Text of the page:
In our existing age, when technological advancement and uncontrolled curiosity have made the world even smaller, it is apparent that research and science should be encouraged. Treasure hunters should be permitted to perform underwater searches for sunken vessels, not only because it would put a restrain on their business goals or funds, but also because it would hinder scientific and historical discovery.
An individual in search of the gold and treasure can be called a Treasure hunter, or salvor, but they are educated of the historical value of the shipwrecks they explore. In recent times, respect for the historical integrity of a wreck has grown significantly. According to Steven Morgan, a well-known salvor that's been in the business for over thirty years, states that in the past "you'd take what's good, and everything else was dumped overboard," but modern projects are projective of the sites. Today a salvor is an archaeologist."
This quote conveys that profit wasn't everything to these entrepreneurs.
Besides, laws like the Abandoned Shipwreck Act of 1987, and others allow states to claim a percentage of the projects, as well as the fact that private firmes often turn over the "non-valuable" - that is, non metallic and not jewel encrusted- artifacts to states, as in the case of Queen Anne's Revenge (Graphic #4). Latest technologies such as survey equipment, better diving gear, and robots have made searching even the greatest depths of the ocean possible, and it is absurd not to put to use our abilities to discover and not to use the technology we worked so hard to develop. Theses technologies are often very costly, and although some scientists and archeologists such as George Bass and Cheryl Ward argue against funding this research though projects from the shipwrecks, treasure seekers see it differently. "We have the funding," says Tom Gidius, salvor, "which is the difficulty they run into." In the age of scientific discovery and the exponential growth of knowledge, we all benefit from the work of these treasure hunters. Even the archaeologists and scientists who object to the salvors' work benefit when the artifacts are shared; they themselves dig up artifacts from American Indian burial grounds and Egyptian pyramids and other places and sell them to museums. When salvors are wreck less or careless and toss priceless items back in to the seas as happened with the De Braack (Graphic#3), these items can be recovered using the same technologies that were used to discover them.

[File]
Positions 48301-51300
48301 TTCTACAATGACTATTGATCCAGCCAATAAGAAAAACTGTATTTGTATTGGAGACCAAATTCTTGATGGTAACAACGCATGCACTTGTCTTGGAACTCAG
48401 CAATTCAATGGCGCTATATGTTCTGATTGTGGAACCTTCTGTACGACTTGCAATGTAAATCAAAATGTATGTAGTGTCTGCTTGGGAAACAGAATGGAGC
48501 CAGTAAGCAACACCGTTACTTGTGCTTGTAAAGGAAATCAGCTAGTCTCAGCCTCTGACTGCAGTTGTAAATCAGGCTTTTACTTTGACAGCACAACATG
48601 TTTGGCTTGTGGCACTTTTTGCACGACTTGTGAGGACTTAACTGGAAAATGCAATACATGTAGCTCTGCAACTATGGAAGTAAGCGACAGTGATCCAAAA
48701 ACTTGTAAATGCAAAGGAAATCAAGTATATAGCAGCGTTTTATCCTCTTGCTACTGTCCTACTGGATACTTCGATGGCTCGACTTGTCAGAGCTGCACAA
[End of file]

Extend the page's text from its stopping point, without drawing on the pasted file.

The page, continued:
Treasure hunters should not be prohibited from practicing underwater searches for sunken vessels simply because they seek to become rich, their discoveries benefit scientists, archaeologists, historians, and people's understanding of their culture heritage.